And I believe that God gives us in the verses we're looking at today an eternally secure foundation that our salvation is based on his eternal saving purposes in Christ. Purposes that were laid out, that were worked out before the foundation of the world. And that's a solid, secure foundation. Another way to look at it is that our assurance has a root system. A tree, a great tree is only as healthy as its root system. And our assurance is alive, isn't it? It's a living thing. And we are to be drawing nourishment from the doctrines we're looking at today. We're to be kind of sucking moisture and nourishment up out of the soil of doctrine so that we can stand up against the storms of life. How healthy is your root system? If you're looking inward, it's not healthy, it cannot survive, but if you're looking to God, the author and finisher of your faith, then you will survive every trial that you face. And so we're looking at the foundation of our assurance. We're looking at the root system of our assurance, and we're supposed to be drawing on it. Look at the first phrases that we're looking at, at verse 28.
Roman 8:28, it says, "And we know that in all things God works for the good of those who love him." We know that. What is Paul doing? He's saying, we've learned this. We've come to understand these things. We're drawing on the doctrine. We know this. We are meditating on it. We're thinking about it. And based on that, we have a full, a healthy, a strong assurance of salvation.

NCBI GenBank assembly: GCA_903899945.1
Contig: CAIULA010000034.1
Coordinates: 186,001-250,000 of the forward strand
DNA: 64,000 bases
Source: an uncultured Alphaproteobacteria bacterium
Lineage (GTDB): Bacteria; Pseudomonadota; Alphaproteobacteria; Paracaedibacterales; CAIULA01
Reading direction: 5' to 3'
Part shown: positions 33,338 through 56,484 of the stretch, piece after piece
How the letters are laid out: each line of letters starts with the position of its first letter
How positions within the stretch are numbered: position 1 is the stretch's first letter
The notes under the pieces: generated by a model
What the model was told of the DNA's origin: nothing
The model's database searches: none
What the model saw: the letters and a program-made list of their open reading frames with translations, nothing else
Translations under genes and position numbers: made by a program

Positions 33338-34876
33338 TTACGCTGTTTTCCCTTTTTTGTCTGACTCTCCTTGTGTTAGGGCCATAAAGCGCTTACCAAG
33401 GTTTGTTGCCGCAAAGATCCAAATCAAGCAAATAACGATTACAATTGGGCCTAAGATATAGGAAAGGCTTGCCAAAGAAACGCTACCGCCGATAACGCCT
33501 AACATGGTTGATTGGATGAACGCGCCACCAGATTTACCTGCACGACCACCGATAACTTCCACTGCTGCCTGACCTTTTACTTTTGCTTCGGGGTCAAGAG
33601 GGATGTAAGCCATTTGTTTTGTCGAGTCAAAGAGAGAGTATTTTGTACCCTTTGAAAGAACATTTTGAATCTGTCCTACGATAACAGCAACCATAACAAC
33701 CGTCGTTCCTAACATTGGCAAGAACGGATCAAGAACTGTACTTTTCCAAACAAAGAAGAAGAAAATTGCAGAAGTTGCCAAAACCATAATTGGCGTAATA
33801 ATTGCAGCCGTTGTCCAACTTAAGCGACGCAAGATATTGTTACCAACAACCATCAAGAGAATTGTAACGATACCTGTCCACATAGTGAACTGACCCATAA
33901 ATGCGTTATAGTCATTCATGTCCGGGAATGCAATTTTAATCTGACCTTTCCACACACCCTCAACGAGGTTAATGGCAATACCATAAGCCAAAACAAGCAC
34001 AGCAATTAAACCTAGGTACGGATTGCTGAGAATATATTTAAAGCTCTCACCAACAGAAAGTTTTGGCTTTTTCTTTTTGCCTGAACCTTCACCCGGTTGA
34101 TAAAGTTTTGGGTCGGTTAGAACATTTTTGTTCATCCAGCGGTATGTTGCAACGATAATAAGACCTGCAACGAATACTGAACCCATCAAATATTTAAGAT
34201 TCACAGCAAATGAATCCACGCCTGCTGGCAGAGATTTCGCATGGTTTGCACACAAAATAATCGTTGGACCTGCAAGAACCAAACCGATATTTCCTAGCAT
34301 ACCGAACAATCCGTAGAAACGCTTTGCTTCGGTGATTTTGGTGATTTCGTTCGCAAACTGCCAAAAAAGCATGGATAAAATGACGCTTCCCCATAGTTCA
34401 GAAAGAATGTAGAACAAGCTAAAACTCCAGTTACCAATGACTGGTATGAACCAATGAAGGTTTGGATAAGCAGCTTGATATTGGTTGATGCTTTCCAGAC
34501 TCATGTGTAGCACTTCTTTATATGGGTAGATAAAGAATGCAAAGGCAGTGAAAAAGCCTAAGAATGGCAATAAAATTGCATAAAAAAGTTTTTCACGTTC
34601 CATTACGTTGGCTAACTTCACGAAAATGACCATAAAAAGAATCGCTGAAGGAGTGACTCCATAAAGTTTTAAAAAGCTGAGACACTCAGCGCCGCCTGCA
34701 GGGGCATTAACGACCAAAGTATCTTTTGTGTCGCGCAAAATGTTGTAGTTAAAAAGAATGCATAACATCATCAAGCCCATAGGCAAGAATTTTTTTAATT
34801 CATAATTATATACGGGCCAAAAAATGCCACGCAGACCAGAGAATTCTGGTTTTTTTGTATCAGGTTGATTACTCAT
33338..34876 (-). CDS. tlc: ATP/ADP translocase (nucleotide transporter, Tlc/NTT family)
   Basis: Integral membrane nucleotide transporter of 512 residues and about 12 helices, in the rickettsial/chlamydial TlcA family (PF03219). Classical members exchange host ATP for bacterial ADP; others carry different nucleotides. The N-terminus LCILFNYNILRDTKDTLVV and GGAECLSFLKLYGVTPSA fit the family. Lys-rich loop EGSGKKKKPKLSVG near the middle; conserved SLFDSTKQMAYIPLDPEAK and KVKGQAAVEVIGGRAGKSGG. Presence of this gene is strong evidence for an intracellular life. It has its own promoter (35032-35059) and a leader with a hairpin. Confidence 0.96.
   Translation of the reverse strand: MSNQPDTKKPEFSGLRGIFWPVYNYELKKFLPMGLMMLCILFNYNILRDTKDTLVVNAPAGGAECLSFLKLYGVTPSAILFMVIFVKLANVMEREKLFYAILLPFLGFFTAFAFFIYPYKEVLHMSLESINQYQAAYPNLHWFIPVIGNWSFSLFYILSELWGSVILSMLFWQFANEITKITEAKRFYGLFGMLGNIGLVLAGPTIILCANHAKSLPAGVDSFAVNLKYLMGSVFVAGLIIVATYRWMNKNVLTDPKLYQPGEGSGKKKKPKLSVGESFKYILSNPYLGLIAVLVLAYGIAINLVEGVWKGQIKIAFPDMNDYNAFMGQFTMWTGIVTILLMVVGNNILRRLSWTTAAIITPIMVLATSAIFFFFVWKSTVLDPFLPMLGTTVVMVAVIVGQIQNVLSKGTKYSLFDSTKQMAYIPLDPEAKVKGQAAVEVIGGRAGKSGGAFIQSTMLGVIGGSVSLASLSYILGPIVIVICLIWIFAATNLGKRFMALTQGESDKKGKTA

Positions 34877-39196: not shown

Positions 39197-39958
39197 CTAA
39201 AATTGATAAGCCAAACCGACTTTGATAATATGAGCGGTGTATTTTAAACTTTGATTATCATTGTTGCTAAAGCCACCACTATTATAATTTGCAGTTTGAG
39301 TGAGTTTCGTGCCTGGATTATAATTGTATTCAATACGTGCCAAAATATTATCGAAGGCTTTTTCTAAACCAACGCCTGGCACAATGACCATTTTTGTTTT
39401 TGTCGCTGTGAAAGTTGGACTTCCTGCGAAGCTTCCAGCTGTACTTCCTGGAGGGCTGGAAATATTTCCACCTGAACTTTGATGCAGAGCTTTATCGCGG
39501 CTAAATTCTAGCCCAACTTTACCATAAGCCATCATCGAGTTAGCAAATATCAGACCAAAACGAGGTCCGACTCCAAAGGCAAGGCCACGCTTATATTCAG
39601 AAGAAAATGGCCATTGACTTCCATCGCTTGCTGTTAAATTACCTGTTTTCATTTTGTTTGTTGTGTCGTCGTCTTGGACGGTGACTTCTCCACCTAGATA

And so we're looking today at the foundation of our assurance, the foundation of our salvation really. We're looking at its root system. Our ultimate security comes from this. If you are a Christian, it is because God chose you before the foundation of the world to be holy and blameless in his sight. That's what Ephesians chapter 1 says, and Romans 8 teaches it too. If you're a Christian, it's because of God's eternal decree, his choice. And that means that God set his love on you before the foundation of the world. You personally. He knows you by name and he set his love on you before the foundation of the world. Before your ancestors crossed the ocean to get here, whenever that was, before the Pilgrims set foot on the Mayflower and crossed the Atlantic. If your ancestors were the Pilgrims, all the better for you.